Like many entertainment enterprises, sometimes the events taking place backstage are more interesting than what the audience was meant to see. That was certainly the case at Walt Disney Productions. By 1984, long time cracks below the surface started to rise and threatened to tear the company apart.

Historically, the Disney studio was managed by two kingdoms. As the story goes, on one side was Walt Disney, considered the creative genius of the duo. The other team was led by Roy O. Disney, Walt’s older brother and the one who found the money to finance his younger brother’s dreams. Of course, the relationship was far more complex than my brief description and the differences had ripple effects down the management chain. Generally, you were either a Walt or a Roy person. Only a handful could claim allegiance to both.


When Walt passed away in December 1966 his brother Roy dedicated his life to finishing two of his younger brothers most important projects. His priorities became the completion of phase one of the Walt Disney World resort and to help see CalArts become a reality.

When Roy passed away in December 1971, the baton was passed to Donn Tatum and for the first time the company did not have a strong sense of direction. Over the years, filmmaking took a back seat as the Company saw itself more as a theme park operator than a film studio or a real estate heavyweight. By 1983, theme park revenues represented three-fourths of the company’s total revenue and they were flattening out. Walt Disney Productions was in serious trouble.

Serving on the Disney corporate board was Roy E. Disney, Roy’s son. He was not happy with the lack of inertia and he felt the problems stemmed from a lack of leadership. He felt the movie division was at the heart of the company and fed all of the other company activities.


Specifically, Roy E. Disney was not a fan of E. Cardon “Card” Walker, Disney’s CEO from 1976 to 1983. Disney did not like Card Walker and felt that he was a tyrant that did not listen to anybody. It seemed that every decision Walker made followed the question, “What would Walt do?”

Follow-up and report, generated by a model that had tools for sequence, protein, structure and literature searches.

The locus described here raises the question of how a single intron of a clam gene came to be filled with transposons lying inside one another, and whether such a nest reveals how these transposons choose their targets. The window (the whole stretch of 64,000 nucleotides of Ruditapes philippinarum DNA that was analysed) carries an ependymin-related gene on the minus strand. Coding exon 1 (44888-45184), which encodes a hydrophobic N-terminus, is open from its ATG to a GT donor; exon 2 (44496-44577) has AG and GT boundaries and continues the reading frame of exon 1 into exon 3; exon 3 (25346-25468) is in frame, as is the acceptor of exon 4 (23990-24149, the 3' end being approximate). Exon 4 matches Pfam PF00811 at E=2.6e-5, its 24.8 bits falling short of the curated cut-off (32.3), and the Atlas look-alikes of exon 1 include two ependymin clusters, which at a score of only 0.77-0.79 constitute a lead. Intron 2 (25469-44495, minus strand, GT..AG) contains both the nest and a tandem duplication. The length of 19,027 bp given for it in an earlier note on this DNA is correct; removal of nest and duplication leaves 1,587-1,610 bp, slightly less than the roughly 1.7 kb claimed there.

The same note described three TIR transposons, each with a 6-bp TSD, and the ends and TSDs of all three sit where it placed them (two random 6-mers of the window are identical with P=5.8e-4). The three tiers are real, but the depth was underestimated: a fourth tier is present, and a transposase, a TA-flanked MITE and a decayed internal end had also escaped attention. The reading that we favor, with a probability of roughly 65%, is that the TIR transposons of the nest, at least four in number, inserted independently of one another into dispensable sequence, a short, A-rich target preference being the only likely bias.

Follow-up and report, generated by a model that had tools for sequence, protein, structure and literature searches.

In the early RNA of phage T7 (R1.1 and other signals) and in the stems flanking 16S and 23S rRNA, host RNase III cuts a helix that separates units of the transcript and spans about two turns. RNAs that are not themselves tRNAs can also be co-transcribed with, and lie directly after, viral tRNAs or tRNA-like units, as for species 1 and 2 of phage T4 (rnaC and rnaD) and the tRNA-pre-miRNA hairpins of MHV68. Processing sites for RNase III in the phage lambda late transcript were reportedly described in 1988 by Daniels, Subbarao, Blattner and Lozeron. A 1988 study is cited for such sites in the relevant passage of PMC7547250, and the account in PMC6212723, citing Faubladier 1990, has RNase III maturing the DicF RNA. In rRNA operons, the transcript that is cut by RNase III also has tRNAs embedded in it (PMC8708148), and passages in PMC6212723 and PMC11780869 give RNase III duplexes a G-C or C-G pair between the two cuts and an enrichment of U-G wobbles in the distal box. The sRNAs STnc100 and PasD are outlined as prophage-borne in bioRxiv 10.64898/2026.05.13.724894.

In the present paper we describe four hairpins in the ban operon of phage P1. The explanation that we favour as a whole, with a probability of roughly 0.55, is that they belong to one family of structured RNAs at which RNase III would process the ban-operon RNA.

Disney was also not fond of Ron W. Miller, who would succeed Walker. Miller was married to Diane Disney, Walt’s oldest daughter. This firmly placed him on that side of the family battles. Walker ignored Roy while spending time grooming Miller for the top job. Disney felt that Miller was okay but he needed someone seasoned to assist him, like Disney board member Raymond Watson.

When it became obvious to Disney that Miller was going to be the next leader, he left the Studio in 1977 to start Shamrock Holdings, a broadcasting and investment company. Roy E. Disney’s partner in Shamrock Holdings was his lawyer Stanley Gold. Gold joined the Disney corporate board. By early 1984, Disney and Gold had enough and felt it was time for a management shakeup.

In February 1984, they went to Frank Wells, vice chairman at Warner Bros. to see if he would be interested in becoming Disney’s next CEO. Wells said yes and suggested they talk with Michael Eisner, president at Paramount Pictures to see if he would join the team.

When Eisner agreed, Roy and Gold resigned from the Disney board on March 9, 1984 so that they would not be privy to information that would compromise their strategy to remove the current management. Gold knew taking such a dramatic move “would hang a For Sale sign over the company.” He said, “You always have to judge whether your opponent is better at managing chaos or you are.” Their actions set off a six-month chain reaction that did not stop until the keys to the kingdom were handed over to a new team.

Struggles within the Disney boardroom made the company ripe for a takeover. At one point takeover specialist Saul Steinberg had acquired twelve percent of the stock until Morgan Stanley and lawyers Skadden Arps Slate Meagher & Flom diluted his shares by issuing more shares.

Another way the Studio protected itself was to make itself more expensive by buying Arvida, a land development company owned by the Bass Brothers. The deal closed on June 6, 1984 for $200 million in stock. Disney also bought Gibson Greeting Cards for $315 million in cash and stock the same day.

It did not matter. Steinberg would not go away. Instead, he brought together a group of investors and offered to buy forty-nine percent of Disney for $325 million. He already had Kirk Kerkorian of MGM lined up to buy Disney’s film production business for $447.5 million. Disney refused and offered him $70.825 per share on June 11 to go away. Roy Disney opposed the pay off and proposed a leveraged buyout of the company and reserving a role for current management. He sued the board to rescind the greenmail payment.